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When we think of the sun we tend to envision the sun-kissed, beach bronzed, crinkly haired California dreaming types that are over TV these days. It’s a romantic notion but the truth is that you need to enjoy the sun responsibly if you want to stay healthy. Time in the great outdoors is a quintessential part of any summer vacation, though, and we’d never tell you to stay indoors; taking preventative measures to care for your skin is the best way to avoid the aging and damaging effects of the sun without sacrificing any fun. If you’re not convinced, here are some of the effects of excessive sunshine and, in particular, sunburn.

Wrinkles and Sun Damage

As well as increasing and accelerating the aging process of the skin, and causing the appearance of things like age spots and uneven pigmentation, the sun can cause the emergence of freckles and is responsible for a remarkable 90% of wrinkles! It is pretty obvious that excessive sun-tanning will harm the skin, but did you know that most sun damage is incidental, such as while driving you car, walking to the store?  This is why you should apply sunscreen as a part of your daily routine. To make it easier, look for body lotions, hand creams, moisturisers or even foundations which have SPF and UV protection built into their formulae. Remember to put a higher SPF on your face and neck.

Face creams


One of the dilemmas we face when choosing sun protection is which products to use, particularly on the delicate face area. Those of us who have acne prone skin will want to avoid putting thick greasy creams on our face in favor of gel based protection and mineral based sunscreens. Perhaps the best option is to choose a moisturizer that is suitable for your skin type which contains UVA and UVB protection. Just remember to keep applying regularly.

Here are some further tips on how to protect your skin this summer:

  • Be sure to apply sunscreen 20 minutes before you go out into the sun and reapply every two hours (or more as needed).  
  • Before leaving home apply SPF to your full body so that you don’t miss any areas while trying to be discreet.
  • Make sure any sunscreen you buy offers both UVA and UVB protection, preferably factor 30 or higher.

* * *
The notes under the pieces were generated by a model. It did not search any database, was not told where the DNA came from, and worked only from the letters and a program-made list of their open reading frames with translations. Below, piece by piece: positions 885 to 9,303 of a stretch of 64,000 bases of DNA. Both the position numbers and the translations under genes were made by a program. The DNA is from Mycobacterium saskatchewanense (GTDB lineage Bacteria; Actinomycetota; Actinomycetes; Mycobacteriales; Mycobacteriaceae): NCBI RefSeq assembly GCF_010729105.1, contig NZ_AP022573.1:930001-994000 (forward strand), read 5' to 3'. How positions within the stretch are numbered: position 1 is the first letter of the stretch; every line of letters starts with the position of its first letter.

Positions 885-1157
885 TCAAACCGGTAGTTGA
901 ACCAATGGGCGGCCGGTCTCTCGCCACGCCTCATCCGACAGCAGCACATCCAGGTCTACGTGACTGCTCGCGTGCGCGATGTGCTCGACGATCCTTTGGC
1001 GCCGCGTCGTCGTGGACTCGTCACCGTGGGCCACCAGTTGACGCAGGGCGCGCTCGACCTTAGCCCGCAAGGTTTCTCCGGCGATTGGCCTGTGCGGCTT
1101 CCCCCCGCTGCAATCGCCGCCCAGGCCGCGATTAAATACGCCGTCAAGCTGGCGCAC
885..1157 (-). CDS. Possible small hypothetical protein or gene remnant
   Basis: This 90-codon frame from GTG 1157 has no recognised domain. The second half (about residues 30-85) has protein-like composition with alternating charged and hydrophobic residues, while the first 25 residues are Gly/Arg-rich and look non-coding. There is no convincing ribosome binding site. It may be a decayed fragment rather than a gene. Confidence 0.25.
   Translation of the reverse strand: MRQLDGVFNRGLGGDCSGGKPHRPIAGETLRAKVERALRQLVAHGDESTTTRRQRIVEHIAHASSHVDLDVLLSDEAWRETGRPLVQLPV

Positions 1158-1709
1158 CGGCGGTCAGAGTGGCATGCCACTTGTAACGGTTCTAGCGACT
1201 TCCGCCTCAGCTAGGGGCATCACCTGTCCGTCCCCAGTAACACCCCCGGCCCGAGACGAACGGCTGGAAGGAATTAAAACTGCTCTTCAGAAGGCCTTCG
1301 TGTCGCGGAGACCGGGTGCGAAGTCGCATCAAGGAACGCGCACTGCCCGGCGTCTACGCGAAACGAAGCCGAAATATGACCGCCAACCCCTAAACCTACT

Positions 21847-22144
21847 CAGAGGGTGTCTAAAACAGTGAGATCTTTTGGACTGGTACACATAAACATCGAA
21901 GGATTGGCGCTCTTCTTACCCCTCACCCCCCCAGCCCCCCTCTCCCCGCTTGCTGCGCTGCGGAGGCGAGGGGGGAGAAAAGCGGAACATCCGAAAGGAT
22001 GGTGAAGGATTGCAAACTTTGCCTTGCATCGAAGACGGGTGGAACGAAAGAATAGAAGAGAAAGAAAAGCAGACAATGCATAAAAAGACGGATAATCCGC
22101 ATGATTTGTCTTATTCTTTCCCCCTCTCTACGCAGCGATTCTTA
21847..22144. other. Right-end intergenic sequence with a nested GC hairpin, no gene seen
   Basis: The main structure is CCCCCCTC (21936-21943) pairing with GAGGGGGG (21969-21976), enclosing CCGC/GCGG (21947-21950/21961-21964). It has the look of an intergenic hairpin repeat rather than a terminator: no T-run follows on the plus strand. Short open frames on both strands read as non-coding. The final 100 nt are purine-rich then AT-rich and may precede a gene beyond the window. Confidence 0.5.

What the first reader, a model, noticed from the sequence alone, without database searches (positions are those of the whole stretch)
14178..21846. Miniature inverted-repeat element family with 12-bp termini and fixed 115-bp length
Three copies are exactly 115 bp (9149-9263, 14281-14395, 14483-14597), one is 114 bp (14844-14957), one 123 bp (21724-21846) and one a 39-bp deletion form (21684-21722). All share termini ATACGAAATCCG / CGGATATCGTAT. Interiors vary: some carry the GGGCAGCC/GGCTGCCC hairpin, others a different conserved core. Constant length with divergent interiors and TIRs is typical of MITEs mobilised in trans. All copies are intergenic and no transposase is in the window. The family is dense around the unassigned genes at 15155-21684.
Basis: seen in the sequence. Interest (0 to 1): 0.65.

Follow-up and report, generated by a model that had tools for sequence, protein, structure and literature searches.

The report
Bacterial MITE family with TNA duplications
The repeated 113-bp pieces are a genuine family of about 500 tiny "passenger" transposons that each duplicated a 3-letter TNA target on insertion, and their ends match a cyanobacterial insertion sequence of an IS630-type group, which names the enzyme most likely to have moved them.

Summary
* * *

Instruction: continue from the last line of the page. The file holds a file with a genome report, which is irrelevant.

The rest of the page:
• Avoid the sun between 10am and 2pm when possible.
  • Don’t forget to protect your eyes, lips, hands and feet, and scalp with the appropriate creams and sprays.
  • To get that glow you’re after, try a spray tan instead, or one of the countless home tanning kits that are available.
  • Depending on what type of skin you have, you should exfoliate twice a week or so to slough off dead skin and sun damage. This will renew your skin and make it look brighter, and feel softer.
  • When it’s really hot be sure to wear lightweight cotton clothing and cover-ups as well as a hat to shield your face and scalp.

Recovery Tricks for Sun Exposure

Recovery Tricks for Sun Exposure

If you accidentally expose yourself to too much sun and the damage that comes along with it, then you need to act quickly! The damage has already been done, though, so first and foremost you must figure out how it happened (did you forget to apply sunscreen, or lose track of time and mistime reapplication?) and make sure it does not happen again. In the meantime, though, these tips will help you to heal well:

  • Cool your skin down ASAP just as you would any burn. Take a cool bath or shower, or even just press a cool damp towel to the affected area. This should offer some immediate relief.
  • Moisturise the damaged skin to trap moisture and keep the skin hydrated; aloe vera and soy are good choices.
  • Anti-inflammatory drugs like ibuprofen, aspirin or naproxen can help to reduce redness, discomfort and swelling.
  • Slap on a layer of plain yogurt as this has calming lactic acid in it. Let this sit for 30 minutes prior to a cool shower and pat dry.
  • Up your normal water intake to compensate for the dehydrating effect that burns have. You can also try sports drinks which have electrolytes.
  • If you have severe blistering, fever, chills or feel disorientated see a doctor. Children with burns that cause blisters should see a doctor straightaway. DO NOT pick, pop or scratch blisters.